OPC (Optical Particle Counters) a suite of three instruments: a Condensation Nuclei Counter and two Optical Particle Counters, one of new design and the other a proven model developed by the University of Wyoming. By sampling the stratospheric air from the balloon platform and by measuring aerosol size and concentration, the final goal is to provide validation of satellite limb scattering observations, to compare the measurements obtained in the same platform by ALI and contribute to the scientific record of in-situ size-resolved stratospheric aerosol measurements to further understanding of volcanic influence and aerosol formation and transport. The package is an effort by the University of Saskatchewan, in collaboration with the University of Colorado and the University of Wyoming, both from the United States.
GPS and Data Logger Breadboard a multi-purpose electronics box aimed to record and provide the location and attitude of the gondola during the entire flight. In addition, the instrument will monitor, through various sensors, the health of other components onboard CARMEN. It includes an onboard storage capacity for telemetry data and two high-definition cameras. The instrument is an improved version of a technology developed by a group of students from École de technologie supérieure, which was successfully tested in 2016 and was later improved by the Canadian Space Agency.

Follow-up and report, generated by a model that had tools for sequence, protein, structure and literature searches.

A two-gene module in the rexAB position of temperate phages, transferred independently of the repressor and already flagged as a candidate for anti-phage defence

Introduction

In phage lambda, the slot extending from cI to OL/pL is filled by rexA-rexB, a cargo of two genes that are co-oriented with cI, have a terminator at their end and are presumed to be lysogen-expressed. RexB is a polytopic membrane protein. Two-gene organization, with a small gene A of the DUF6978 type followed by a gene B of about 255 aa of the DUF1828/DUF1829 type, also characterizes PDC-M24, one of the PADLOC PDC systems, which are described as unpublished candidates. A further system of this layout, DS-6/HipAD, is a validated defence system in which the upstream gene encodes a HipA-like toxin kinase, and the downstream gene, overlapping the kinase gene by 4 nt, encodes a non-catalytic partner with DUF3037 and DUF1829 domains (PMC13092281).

Power Subsystem Breadboard consisting of a set of Li-ion batteries and a power distribution unit. It is CSA development for the STRATOS program to provide the required power to payloads.
RumbleSat Art Package an University of Calgary research project consisting of 64 small works of art. Once the payload returns to Earth, it will begin a cross-Canada tour starting on July 1, 2017, as part of the 150 Artists Celebrating Canada 150: the RumbleSat Art from the Edge of Space Exhibition.
A final experiment named LOAC (Light Optical Aerosol Counter), was also onboard. It was developed by the LPC2E (Physic and Chemistry for environment and Space Laboratory, Orleans, France) and its goal is to determine the concentration and the size of the solid and liquid particles in the air, with sizes from 0.2 to 100 µm.
Balloon launched on: 4/9/2017 at
Launch site: Australian Balloon Launching Station, Alice Springs, Australia
Balloon launched by: Centre National d'Etudes Spatiales (CNES)
Balloon manufacturer/size/composition: Zero Pressure Balloon model 402z Zodiac 400.000 m3
End of flight (L for landing time, W for last contact, otherwise termination time): 4/10/2019 at ??
Balloon flight duration (d:days / h:hours / m:minutes): 12 h 33 m
Landing site: North of Tanami road between Hamilton Downs and Milton Park, Northern Territory, Australia
Campaign: AUSTRAL 2017
Payload weight: 795 kgs
The balloon was launched using the auxiliary balloon method, on April 9th 2017. After launched, the balloon reached a maximum altitude of 37.3 kilometers and from there, it was valved down to start a slow descent to 31.6 km. Finally the mission was terminated after 12 hours and 33 minutes of flight, and the payload was recovered in good shape North of Tanami road between Hamilton Downs and Milton Park, in Central Australia.